Christchurch City Council will receive $1.575 million for animal pest and weed control work in parks, mahinga kai sites, and wetlands across Otautahi/Christchurch, Te Pataka o Rakaihautu/Banks Peninsula and the Port Hills.  The project will employ 10 people for three years. The Council intends to bring unemployed people into the workforce and offer placements for those interested in getting experience and skills in pest control. Training will be provided to set them up for a career in conservation

A significant portion of our revenue comes from rodent management in the residential, parks and reserves environment. Possum management is consistently growing in our urban market and we had a significant increase of mustelid inquiries from Canterbury residents in 2022.

No alt text provided for this image

“The conclusion of the study encourages 1. the need for widespread and coordinated control operations to support initiatives aimed at restoring native biodiversity and 2. the presence of predators requires the engagement of residents so that these (urban) habitats do not support populations acting as sources of re-invasion into other green spaces”

Will our Urban Pest Management Industry be part of the coordinated operation? We hope so! Our industry has spent years developing solutions that deliver the highest quality results in the most humane way possible. It has collectively built up a strong rapport with the residential market who trust our recommendations and advice.

No alt text provided for this image

We have developed monitoring programs into our services so we can control invasions in real time and encourage annual inspections of current programs to ensure they are performing and delivering expected results.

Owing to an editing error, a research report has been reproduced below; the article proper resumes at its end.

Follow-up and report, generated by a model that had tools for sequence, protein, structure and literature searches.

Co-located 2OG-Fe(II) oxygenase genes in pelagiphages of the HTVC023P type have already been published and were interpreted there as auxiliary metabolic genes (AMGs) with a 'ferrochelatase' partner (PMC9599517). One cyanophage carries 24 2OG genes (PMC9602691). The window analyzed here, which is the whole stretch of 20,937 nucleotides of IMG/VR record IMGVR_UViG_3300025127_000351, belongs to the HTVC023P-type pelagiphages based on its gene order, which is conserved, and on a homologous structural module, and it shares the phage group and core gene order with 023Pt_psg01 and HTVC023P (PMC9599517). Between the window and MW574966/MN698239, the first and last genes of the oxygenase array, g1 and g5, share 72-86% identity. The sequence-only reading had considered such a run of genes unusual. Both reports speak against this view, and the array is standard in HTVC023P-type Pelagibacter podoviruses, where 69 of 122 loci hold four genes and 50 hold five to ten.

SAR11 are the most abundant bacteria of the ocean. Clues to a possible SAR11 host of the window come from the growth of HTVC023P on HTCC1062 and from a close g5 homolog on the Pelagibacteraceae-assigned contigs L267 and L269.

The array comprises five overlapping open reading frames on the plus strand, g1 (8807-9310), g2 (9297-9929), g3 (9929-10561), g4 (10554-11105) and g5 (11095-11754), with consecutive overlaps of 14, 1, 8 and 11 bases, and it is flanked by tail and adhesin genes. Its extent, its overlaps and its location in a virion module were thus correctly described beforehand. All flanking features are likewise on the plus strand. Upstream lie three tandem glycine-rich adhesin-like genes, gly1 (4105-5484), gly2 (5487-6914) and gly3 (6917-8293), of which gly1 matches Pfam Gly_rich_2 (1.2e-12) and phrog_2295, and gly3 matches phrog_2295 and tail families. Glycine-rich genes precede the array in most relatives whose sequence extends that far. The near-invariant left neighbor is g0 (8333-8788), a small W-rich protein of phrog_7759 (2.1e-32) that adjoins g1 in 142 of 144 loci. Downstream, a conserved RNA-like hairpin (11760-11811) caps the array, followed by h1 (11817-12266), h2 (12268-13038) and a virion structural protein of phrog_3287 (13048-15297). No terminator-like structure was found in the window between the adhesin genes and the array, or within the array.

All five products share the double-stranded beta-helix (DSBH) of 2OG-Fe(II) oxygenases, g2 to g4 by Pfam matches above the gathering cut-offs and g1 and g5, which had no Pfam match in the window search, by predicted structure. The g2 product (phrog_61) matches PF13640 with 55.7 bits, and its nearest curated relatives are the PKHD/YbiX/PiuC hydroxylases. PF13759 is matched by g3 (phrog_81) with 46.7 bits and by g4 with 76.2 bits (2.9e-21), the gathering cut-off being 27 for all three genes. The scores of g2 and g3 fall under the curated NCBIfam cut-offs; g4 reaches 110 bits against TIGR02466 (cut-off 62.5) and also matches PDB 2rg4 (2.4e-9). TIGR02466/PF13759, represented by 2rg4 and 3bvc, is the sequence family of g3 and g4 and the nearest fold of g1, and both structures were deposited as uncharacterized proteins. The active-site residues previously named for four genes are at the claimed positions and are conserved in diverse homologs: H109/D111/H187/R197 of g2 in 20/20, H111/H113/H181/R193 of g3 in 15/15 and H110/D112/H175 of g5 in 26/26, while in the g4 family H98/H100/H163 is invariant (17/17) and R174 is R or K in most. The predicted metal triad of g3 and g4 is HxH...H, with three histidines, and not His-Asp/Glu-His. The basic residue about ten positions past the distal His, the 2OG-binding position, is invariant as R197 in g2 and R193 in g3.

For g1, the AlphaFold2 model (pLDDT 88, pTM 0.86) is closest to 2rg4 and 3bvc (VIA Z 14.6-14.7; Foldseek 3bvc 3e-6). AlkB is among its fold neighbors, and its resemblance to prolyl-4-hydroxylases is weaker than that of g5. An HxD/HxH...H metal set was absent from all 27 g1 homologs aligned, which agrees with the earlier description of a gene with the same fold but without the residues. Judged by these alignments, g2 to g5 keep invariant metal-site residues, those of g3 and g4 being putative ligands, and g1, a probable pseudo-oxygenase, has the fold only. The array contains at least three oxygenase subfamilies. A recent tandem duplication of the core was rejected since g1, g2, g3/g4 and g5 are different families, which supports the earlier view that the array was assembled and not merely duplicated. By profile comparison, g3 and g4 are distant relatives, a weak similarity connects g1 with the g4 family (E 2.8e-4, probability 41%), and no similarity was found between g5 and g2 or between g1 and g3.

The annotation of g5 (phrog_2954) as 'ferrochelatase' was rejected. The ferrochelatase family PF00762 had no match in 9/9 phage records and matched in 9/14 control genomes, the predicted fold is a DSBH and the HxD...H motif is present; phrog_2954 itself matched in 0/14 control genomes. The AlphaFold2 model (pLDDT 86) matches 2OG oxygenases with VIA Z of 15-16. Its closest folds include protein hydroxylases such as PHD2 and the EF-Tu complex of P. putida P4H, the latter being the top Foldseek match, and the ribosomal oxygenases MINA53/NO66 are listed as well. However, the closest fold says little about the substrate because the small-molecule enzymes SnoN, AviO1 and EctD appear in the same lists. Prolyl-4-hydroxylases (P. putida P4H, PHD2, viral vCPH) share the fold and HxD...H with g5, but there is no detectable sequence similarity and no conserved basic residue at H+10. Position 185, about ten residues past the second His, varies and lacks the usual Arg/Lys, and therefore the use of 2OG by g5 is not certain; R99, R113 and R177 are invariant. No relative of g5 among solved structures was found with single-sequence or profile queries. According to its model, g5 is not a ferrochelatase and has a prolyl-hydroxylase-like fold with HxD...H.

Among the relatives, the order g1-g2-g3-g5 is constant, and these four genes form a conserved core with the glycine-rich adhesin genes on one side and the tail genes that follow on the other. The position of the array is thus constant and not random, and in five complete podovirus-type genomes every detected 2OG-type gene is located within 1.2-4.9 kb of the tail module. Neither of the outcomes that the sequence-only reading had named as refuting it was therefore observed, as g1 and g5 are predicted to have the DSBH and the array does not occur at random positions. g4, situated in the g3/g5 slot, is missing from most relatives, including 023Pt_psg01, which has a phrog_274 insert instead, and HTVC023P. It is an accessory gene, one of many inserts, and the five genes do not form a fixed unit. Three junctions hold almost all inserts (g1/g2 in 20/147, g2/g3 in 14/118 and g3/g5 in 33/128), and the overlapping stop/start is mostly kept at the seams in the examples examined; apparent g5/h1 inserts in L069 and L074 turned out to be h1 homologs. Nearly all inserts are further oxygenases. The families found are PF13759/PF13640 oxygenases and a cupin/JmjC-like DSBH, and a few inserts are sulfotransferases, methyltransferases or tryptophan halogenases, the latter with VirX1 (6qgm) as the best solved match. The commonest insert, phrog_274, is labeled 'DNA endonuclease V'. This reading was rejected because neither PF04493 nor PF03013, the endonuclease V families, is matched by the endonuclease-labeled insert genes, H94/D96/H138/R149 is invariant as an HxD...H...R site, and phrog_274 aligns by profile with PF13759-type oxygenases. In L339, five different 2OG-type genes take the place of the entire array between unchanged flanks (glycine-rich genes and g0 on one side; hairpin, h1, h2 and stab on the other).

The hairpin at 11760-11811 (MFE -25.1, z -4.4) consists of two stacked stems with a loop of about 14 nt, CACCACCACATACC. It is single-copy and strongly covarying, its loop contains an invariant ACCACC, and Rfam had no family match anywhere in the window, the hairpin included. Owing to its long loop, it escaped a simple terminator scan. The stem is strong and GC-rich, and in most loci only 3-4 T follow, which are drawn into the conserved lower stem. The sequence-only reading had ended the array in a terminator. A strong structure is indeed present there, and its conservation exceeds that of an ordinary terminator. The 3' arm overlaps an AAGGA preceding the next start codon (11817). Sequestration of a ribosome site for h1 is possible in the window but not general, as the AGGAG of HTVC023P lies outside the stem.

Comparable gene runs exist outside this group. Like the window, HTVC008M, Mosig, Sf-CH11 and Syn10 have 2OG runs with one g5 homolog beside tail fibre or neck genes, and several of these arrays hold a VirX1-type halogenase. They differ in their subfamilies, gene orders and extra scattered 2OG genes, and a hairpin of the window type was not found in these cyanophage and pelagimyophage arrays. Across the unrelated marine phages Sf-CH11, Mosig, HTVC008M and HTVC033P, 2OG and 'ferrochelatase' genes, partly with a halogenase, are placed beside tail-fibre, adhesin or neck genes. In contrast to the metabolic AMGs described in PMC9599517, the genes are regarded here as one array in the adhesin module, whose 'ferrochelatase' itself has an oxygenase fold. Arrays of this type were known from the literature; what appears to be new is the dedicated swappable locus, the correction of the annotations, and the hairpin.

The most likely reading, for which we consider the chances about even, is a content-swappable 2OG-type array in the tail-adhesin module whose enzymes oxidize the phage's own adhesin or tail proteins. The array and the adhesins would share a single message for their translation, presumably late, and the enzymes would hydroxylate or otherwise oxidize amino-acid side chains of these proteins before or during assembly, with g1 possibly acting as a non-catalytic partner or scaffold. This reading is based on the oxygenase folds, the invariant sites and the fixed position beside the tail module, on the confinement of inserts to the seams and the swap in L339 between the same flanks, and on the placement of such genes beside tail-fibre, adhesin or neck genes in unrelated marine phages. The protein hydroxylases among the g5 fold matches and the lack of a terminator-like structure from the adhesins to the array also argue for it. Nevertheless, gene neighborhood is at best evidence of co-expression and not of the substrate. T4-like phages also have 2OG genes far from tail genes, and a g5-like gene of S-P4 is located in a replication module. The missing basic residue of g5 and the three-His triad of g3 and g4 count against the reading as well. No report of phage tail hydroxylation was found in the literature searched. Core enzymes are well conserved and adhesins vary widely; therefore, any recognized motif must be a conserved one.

No alt text provided for this image

The concept of human well being, saving ecological biodiversity and contributing to urban restoration projects can become a priority during our day to day field work.

This alternative motivation will encourage us to expand on our knowledge and help us take action.

Our industry is in a prime position to deliver this research to the people that matter. To those that can contribute towards best results in our urban environment. The local community is desperate to be part of the fight to restore nature, to be trained and taught the most effective solutions to save our unique biodiversity.

#epickiwi #pestcontrolprofessionals #gardencity

If you liked this article the credit goes to the following people and institutions carrying out this fantastic research – share it to your networks so our colleagues get a chance to read and share their own opinions and experiences:

Invasive Urban Mammalian Predators: Distribution and Multi-Scale Habitat Selection

Kim F. Miller 1 , Deborah J. Wilson 2 , Stephen Hartley 3 , John G. Innes 4, Neil B. Fitzgerald 4 , Poppy Miller 5 and Yolanda van Heezik 1,*

1. Department of Zoology, University of Otago, P.O. Box 56, Dunedin 9054, New Zealand

2. Manaaki Whenua—Landcare Research, Private Bag 1930, Dunedin 9054, New Zealand

3. Centre for Biodiversity and Restoration Ecology, School of Biological Sciences, Victoria University of Wellington, P.O. Box 600, Wellington 6140, New Zealand

4. Manaaki Whenua—Landcare Research, Private Bag 3127, Hamilton 3240, New Zealand

5. Plant & Food Research, 23 Batchelar Road, Palmerston North 4410, New Zealand

* Correspondence: